It does help. I was "told" somewhere that the top and bottom of an I beam carried all of the tension/compression and I always kind of thought it must be a logarithmic function building to a lot of pressure near the edges (top/bottom). It is interesting to find out it's linear through out the spar starting at the center. I don't know for sure what transverse shear is.
 
Bill, also the guy that worked with me on my wings, stressed to center the screw hole top to bottom. If not anything, less likely to twist a screw off in the thinnest part in the center. And if to close to the bottom the possibility of a crack forming.
 
Bill

Good advice, as usual. The backing plate is a nice safeguard.

Always using a drill stop set so the tip barely penetrates the metal being drilled is also a good idea.

The CC build manual makes repeated reference in bold red text to the critical importance of not drilling the spar bulb and areas you mentioned

Chuck
 
Folks

It is tough to try to write a thread with soundbites. :oops: Sometimes when I try to simplify things (and not put everyone totally to sleep) I over simplify and don't cover things very well. QSMX440 - you are correct that the spar cap carries most of the load. I did not do an adequate job of defining the cap.

P1010950.jpg

The blue tape is the spar cap. The masking tape area is the part of the cap we can safely drill into.

Most cracks propagate from the web, thus the attention was given to that area. The outer edges of the web and the top/bottom cap are the areas we need to be especially careful of stress risers.

Wronghand - You are correct that in a perfect world the airplane would be "near" the forward limit when empty, as everything we load into it pretty much moves the CG aft, (Advantage of pods) but with 180 hp engines, heavy props and all that it is quite easy to build a cub now with the CG too far forward.
A forward CG is bad but generally not unsafe, an aft CG is unsafe. But the airplane flies like crap with a forward CG.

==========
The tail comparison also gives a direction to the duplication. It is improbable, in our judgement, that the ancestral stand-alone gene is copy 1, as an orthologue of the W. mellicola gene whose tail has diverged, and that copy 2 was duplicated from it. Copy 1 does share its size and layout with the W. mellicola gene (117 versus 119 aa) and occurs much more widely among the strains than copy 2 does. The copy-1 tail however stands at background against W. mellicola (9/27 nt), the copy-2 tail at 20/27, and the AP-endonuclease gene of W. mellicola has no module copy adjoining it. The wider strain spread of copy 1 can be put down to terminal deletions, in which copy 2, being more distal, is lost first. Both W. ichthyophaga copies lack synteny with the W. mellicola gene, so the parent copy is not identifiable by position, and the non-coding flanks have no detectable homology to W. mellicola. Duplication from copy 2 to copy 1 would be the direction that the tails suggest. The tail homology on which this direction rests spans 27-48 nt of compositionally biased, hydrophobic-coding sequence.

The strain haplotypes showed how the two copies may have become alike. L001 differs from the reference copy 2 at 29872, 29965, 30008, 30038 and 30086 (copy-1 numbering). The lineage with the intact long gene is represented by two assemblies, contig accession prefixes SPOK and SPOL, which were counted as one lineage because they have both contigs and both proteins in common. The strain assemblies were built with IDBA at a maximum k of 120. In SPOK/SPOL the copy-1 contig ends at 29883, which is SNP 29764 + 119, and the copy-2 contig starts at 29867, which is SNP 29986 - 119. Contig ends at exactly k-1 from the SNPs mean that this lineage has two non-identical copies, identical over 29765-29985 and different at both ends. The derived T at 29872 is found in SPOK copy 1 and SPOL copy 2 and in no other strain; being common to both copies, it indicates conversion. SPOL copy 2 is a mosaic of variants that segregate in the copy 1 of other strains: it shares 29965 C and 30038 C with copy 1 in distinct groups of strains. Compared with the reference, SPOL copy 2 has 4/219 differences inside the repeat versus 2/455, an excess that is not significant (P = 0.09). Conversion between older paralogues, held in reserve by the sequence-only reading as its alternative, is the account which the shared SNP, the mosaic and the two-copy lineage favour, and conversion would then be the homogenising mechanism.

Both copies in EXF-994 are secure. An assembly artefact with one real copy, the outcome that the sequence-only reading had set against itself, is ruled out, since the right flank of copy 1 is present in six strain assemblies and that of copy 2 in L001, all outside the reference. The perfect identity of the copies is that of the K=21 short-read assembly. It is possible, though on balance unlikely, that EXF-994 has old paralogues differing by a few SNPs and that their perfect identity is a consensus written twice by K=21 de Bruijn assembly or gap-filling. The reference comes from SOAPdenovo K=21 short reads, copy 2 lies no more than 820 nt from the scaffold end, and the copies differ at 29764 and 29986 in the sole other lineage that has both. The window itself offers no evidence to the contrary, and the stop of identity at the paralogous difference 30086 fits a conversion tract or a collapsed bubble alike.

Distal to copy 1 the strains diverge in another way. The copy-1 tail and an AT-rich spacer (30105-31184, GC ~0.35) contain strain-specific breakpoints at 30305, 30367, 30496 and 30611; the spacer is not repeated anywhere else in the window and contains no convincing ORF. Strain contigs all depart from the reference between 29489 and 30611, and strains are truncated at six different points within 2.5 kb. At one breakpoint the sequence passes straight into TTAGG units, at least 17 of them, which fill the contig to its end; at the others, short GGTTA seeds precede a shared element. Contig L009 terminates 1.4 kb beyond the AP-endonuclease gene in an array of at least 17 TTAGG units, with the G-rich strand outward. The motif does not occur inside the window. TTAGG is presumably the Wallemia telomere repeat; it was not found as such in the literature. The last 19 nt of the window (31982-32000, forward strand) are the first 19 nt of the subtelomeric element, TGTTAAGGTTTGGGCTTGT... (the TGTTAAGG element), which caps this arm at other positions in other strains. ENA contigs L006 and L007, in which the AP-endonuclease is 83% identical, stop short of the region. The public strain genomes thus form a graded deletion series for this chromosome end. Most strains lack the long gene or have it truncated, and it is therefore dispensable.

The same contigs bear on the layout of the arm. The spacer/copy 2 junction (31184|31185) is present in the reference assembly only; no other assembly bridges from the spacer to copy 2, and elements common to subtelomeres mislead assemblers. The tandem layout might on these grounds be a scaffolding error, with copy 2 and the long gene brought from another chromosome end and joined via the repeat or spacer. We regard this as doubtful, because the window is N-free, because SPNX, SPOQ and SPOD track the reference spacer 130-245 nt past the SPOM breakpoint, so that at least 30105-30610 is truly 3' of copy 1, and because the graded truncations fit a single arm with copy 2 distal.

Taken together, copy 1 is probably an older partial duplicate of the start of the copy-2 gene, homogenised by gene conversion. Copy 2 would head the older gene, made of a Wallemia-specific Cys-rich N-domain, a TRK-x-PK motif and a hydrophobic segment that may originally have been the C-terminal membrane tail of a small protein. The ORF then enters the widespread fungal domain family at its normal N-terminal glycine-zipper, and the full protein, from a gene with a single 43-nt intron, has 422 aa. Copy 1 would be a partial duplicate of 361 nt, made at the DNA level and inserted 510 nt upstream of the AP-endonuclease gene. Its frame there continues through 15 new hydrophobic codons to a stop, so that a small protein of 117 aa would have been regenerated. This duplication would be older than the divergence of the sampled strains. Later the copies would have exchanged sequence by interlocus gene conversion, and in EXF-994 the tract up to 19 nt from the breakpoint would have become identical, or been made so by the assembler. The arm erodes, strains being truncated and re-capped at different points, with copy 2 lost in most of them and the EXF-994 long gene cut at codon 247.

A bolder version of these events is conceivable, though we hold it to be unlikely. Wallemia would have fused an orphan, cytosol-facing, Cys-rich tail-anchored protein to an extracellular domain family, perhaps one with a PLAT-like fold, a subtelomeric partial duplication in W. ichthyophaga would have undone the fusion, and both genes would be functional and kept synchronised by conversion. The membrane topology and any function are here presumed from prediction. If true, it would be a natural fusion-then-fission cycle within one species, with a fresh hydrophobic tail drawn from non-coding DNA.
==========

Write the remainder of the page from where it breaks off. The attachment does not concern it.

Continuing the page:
Remember, the SC was designed with the C-90 engine. Everyone talks about how great the early C-90 powered Cubs fly. I don't have the CG of these cubs as they came out of the factory but I think it is safe to say the CG was in the middle or even a little toward the aft part of the range. That is why they fly so nice. As Piper increased the engine size the CG kept moving forward, in limits, and the handling deteriorated, but that was offset by the guys loading it to the gills and it flew well as the CG had not gone out of the aft limit, (maybe) so everyone loved the 150hp SC. Then we added the bigger prop and 180hp engines and the airplane really is a dog when you get right down to it, from a pure flight control harmony standpoint. So we have guys like Jason G with his no electric 0-290 powered Cub, the Breeden Cub, the C-90 Cubs, that have a light firewall forward package and those cubs fly outstanding. Thus we have a dilemma. If you want a Cub you can load up and go camping you will need the empty CG near the forward limit to keep from going out the aft limit when you load up all your gear. But when light and just flying around the local area the handling will suffer. If your empty CG is near the aft limit the airplane will be wonderful to fly when just bombing around (90% of your flying for most of us) but you can have real serious safety issues when you load all your gear as the CG will likely be too far aft and out the aft limit. Thus I put in a place to bolt in removable lead in the tail area. When bumming and playing around I can have the great handling that comes with an aft CG, but when going X/C that lead can be removed, and the camping gear will not take me out of the aft limit. This is experimental folks, you certified guys can't do this. Here is a link to my post that shows the picture of the structure Jay welded in for me to accomplish this.